CLOTHES MAKE THE MAN --OR WOMAN
As a child I had a large collection of hats -- a policeman's hat, a world war one helmet, a sailor's cap, a fireman's helmet, a straw hat, a derby, and several others that I do not now remember. Whenever I put one on I would "be" a person of that occupation until I took it off and became Jim Bob again, and I would not answer unless I was called by an appropriate title or name (I had a name for each of these characters: I remember, for example, that when I had on the sailor's hat, I was to be called "Mate" and when I had on the straw hat I was "Clem"). I also had a bonnet of the kind that women used to wear to protect them from the sun. When I put that on, along with one of Mom's aprons, I was Mrs. Kite. I remember very well that Mrs. Kite use to call on Mrs. Stephenson as she prepared the evening meal in the kitchen. Mrs. Kite would sit in her little rocking chair, (this is the chair I gave to Toni for Miranda) holding her doll and she and Mrs. Stephenson would discuss topics of the day as well as the ailments of their children. Suddenly Mrs. Kite's doll would begin to cry, so Mrs. Kite would say, "Crying for you.." and hand the doll to Mrs. Stephenson to hold and comfort for a little while. Sometimes Mrs. Stephenson would put a "treat" on the edge of the sink for Mrs. Kite's child -- a carrot, a stick of celery and sometime (YUM!) a slice of raw potato. The child invariably ate whatever it was, helped out by Mrs. Kite, of course (who was thus conned in to eating some things that Jim Bob did not ordinarily enjoy). Then Mrs. Stephenons would say, "Crying for you" and hand the doll back to Mrs. Kite.
When I was in kindergarten I decided, one day, that I wanted to be a girl for the day. From somewhere Mom put a dress together for for me with a little apron, made me a blond wig out of a length of yellow light tan rope. She sewed the very wavy wig into the top of one of her silk stockings. My name, for the day, was Mary. The teachers at Bach school all gathered around to admire my costume, but the other children in Miss Sill's kindergarten room were more heistant, and were rather in awe. It was then I realized for the first time that a disguise ALWAYS works--at least that is true in plays to this day! No one thought it "queer" or sexually confusing or in any way a risk of my turning into a girl permanently. I sometimes think that their encouragement of my imaginary flight was the best possible thing for all concerned. Nowadays people would get very nervous about a boy wanting to be--and dressing up like--a girl. The world was more innocent then, I guess.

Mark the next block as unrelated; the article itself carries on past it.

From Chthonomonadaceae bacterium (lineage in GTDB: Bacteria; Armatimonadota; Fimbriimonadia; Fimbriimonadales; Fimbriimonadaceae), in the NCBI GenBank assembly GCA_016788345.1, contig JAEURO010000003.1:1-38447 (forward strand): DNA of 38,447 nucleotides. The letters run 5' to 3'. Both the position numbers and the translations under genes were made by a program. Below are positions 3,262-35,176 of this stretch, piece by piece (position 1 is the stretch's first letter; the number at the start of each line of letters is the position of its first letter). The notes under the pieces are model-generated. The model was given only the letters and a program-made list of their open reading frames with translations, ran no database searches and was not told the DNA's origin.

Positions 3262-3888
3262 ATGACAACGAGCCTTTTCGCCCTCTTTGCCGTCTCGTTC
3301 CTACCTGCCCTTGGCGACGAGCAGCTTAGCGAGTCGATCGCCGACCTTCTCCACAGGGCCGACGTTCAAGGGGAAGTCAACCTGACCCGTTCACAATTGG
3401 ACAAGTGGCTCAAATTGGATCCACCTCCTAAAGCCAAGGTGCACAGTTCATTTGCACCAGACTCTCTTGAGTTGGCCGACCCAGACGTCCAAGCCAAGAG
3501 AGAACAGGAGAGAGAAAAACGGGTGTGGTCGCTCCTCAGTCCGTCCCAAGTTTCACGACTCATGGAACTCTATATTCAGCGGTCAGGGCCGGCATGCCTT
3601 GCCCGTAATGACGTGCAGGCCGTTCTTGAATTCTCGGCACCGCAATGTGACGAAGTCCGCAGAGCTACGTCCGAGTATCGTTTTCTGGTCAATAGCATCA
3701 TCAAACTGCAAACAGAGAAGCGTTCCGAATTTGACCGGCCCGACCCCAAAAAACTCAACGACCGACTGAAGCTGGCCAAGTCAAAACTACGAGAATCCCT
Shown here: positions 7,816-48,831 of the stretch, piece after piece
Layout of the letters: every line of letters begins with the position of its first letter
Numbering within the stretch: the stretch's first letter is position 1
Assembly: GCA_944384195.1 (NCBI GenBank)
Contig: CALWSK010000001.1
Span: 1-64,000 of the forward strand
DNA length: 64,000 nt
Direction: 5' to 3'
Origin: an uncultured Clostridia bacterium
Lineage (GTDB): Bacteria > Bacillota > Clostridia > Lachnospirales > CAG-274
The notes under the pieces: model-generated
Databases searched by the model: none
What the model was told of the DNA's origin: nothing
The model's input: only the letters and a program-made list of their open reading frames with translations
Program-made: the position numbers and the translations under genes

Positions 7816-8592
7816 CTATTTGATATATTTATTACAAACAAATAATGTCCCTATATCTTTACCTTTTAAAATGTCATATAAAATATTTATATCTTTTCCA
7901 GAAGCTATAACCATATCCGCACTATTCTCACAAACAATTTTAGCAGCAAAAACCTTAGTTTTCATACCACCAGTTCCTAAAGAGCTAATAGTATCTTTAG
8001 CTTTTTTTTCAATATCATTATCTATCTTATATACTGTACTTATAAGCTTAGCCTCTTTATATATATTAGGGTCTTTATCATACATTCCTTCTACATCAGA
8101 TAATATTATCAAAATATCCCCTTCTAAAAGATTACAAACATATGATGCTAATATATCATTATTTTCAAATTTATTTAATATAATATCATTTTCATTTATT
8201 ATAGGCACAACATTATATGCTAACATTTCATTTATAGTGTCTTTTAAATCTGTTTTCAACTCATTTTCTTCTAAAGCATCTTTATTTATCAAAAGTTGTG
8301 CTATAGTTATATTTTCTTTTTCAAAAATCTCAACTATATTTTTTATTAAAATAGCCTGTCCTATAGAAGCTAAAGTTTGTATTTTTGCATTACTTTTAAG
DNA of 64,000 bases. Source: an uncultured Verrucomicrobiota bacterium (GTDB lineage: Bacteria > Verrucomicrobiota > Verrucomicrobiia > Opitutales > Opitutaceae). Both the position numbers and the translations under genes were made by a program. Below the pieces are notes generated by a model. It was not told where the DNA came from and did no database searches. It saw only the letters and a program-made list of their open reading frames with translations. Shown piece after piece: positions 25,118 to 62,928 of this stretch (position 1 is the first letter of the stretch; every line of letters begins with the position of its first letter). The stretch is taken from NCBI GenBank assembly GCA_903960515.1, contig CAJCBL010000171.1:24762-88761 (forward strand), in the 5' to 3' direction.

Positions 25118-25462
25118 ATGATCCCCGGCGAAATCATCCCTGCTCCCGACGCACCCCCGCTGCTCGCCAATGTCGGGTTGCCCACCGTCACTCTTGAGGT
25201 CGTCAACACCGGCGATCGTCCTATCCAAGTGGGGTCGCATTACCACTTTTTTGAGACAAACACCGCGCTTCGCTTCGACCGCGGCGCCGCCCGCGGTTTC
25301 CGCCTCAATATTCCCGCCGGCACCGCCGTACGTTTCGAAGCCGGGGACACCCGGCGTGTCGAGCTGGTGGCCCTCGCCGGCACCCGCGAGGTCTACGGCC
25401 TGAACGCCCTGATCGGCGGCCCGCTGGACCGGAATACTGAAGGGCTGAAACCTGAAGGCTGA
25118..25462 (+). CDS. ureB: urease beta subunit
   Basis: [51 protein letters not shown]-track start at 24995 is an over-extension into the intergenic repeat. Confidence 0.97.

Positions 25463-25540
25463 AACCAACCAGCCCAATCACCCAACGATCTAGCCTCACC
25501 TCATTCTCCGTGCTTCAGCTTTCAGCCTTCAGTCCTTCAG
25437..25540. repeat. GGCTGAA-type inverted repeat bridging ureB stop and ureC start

I only did this one--until I played the feminine lead in the Union Opera when I was in college. But then, all the female roles were played by men so I was not alone -- and everybody thought men as women was very funny. Peculiar sense of what is amusing, as my caracter was NOT supposed to be a caricature as were all of the others. I was very good, and, if I do say so made a very convincing heroine--Lucy Chase was not particularly happy about this. But I certainly enjoyed wearing that beautiful white and silver formal ball gown and (again) a blond wig!
Composed on 22 December 2008; Transcribed by Robin© Jim Bob Stephenson 2008